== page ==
"Community Relations programs are associated with the interaction between
NATO military installations in NATO member states and their surrounding civilian communities.
These programs can take the form of addressing issues of interest to
and fostering relations with the general public, business."
[NATO Military Public Affairs Policy]
Supreme Allied Command Transformation's main Community Relation event is the annual Norfolk NATO Festival when – since 1953 – the City of Norfolk honours NATO and its member nations.
NATO Appreciation Night
Every year, the Norfolk Admirals host NATO Allied Command Transformation staff at the Scope Arena in Norfolk, Virginia.
In 2017, on January 25th, more than 200 ACT staff members, families, and friends joined together to celebrate NATO Appreciation Night.
NATO’s Allied Command Transformation Honour Guard carried the flags of the United States, Allied Command Transformation and NATO for the playing of the National Anthem.
Deputy Supreme Allied Commander Transformation, German Navy Admiral Manfred Nielson, and Royal Navy Chief Petty Officer (Writer) David Britchford, Allied Command Transformation’s Senior Military Member of the Year, held a ceremonious puck drop.
Admiral Nielson enjoyed the experience and said it is always a special time when NATO members can get out into the community to meet the people of Hampton Roads.
Association of Former Officers
The Association of Former SACLANT/SACT* Officers is a military fraternal organization based in Hampton Roads, Virginia. The Association's purpose is to foster and strengthen the continuation of the NATO spirit in an atmosphere of conviviality and friendship among former staff officers, their spouses and guests.
The Association also aims to keep informed of NATO matters and contribute to wider discussion of the security of alliance nations. Allied Command Transformation and the Association engage in frequent consultations on topics of importance to NATO, its member nations and the local communities.
Membership includes former military and civilian officers representing all branches of service, air, sea and land from throughout Europe and North America. Several social events are hosted throughout the year, traditionally beginning with lunch and roses on Valentine's Day and ending with a Grand Buffet at year's end in Norfolk. Additionally, the Association hosts a formal Mess Night from time to time to recognize an individual member's uncommon military experience.
* Supreme Allied Commander Atlantic (SACLANT) was redesignated as Supreme Allied Commander Transformation (SACT) on 19 June 2003, after NATO restructuring.
Norfolk NATO Festival
Norfolk NATO Festival is the longest continuously running festival in the Hampton Roads region, and the only one of its kind in the United States which honours the NATO Alliance and its member nations.
In 1951, the Women’s Club of Norfolk and a number of Norfolk’s garden clubs embraced an idea espoused by Fred Heutte, the city’s Superintendant of Parks and Forestry, to promote the city’s floral beauty through an annual festival. Named the Norfolk Crape Myrtle Festival, it took place in Stone Park, located at the north end of The Hague, in the heat of the August sun.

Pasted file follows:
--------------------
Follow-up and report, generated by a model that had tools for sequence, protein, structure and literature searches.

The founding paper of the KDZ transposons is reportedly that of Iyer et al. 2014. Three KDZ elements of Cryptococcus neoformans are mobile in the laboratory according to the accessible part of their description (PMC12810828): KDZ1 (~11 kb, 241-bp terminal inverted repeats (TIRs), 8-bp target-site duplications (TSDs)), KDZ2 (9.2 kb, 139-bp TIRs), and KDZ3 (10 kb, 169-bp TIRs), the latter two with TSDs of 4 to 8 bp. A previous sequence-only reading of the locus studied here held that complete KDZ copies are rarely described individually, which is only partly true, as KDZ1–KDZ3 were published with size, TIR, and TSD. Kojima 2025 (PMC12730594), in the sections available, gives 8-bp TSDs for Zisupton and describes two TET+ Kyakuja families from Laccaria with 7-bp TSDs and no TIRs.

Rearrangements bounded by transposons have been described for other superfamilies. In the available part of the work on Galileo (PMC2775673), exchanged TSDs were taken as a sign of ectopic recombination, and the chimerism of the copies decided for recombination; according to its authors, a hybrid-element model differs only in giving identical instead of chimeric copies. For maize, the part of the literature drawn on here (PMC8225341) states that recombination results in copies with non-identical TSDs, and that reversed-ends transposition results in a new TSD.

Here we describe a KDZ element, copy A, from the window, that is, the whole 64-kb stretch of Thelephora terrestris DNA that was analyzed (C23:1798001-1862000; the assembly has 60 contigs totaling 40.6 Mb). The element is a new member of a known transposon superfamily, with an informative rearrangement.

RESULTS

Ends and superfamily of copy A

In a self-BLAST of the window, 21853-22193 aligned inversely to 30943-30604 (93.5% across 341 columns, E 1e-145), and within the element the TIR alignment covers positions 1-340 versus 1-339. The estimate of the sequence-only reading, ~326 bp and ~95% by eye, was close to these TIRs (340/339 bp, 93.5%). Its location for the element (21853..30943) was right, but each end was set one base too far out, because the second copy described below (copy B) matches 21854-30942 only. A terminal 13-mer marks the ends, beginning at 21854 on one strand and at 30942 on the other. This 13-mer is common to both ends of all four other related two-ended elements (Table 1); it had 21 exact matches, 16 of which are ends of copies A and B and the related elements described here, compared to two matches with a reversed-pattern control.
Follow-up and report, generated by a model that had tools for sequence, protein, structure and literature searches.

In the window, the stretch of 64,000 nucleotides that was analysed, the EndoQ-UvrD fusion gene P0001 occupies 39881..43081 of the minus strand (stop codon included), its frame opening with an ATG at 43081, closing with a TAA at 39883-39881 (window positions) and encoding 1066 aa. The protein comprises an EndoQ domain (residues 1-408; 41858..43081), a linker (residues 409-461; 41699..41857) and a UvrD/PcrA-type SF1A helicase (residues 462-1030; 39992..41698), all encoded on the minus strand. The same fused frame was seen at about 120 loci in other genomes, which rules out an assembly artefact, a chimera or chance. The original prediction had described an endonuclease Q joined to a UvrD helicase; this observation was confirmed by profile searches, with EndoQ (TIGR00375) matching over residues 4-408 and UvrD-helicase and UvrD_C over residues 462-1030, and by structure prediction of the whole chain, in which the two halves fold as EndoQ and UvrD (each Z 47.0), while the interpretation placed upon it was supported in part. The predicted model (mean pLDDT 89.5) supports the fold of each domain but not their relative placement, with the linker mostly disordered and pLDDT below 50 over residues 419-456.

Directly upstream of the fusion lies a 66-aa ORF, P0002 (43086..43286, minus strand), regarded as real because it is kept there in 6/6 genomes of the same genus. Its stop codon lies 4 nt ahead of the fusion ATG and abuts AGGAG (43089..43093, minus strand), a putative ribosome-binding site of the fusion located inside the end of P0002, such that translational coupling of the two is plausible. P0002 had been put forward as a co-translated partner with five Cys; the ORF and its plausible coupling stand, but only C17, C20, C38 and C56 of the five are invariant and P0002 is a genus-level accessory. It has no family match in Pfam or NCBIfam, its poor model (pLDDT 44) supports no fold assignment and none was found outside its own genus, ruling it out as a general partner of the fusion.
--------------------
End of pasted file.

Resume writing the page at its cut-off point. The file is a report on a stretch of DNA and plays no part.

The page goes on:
However, after the 1952 festival, city business leaders from the Norfolk Chamber of Commerce, the 21st Street Business Area Association, and the Retail Merchants Association revised the festival’s theme and season, choosing a springtime Azalea Festival to highlight the beauty of the one-hundred acre Norfolk Azalea Gardens (now called Norfolk Botanical Gardens). The festival was operated and financed as a Committee of the Chamber of Commerce, in cooperation with the City of Norfolk, from 1953 to 1998.
In 1953, NATO established its first and only command in North America, Supreme Allied Command, Atlantic, in Norfolk, Virginia. Aligning the city’s Azalea Festival with the newly formed NATO command helped it to stand out from the multitude of other azalea festivals in nearly every state south of Mason-Dixon line. One year after NATO’s arrival, Norfolk city leaders renamed this event the International Azalea Festival, which served the dual purposes of a salute to the allied forces and celebrating the beauty of the city’s gardens.
In 2009, NATO celebrated its 60th Anniversary, with 28 full member nations and 22 partner nations as part of the Alliance, providing an ever-increasing and dynamic international community in Hampton Roads.
In the more than 50 years since its inception, the festival has developed into a non-profit 501(c)(3) corporation, which produces numerous cultural and educational events that are attended annually by thousands of people. The festival is proud to partner with other community organisations, including the Virginia Arts Festival, Visit Norfolk, Norfolk Public Schools, and Allied Command Transformation, to produce these events.
In 2009, the festival changed its name again to the Norfolk NATO Festival. Its goals include creating new friendships, providing a basis for cultural exchange, recognising the military's role in maintaining peace in the world, and pursuing new lines of trade between Norfolk and the world.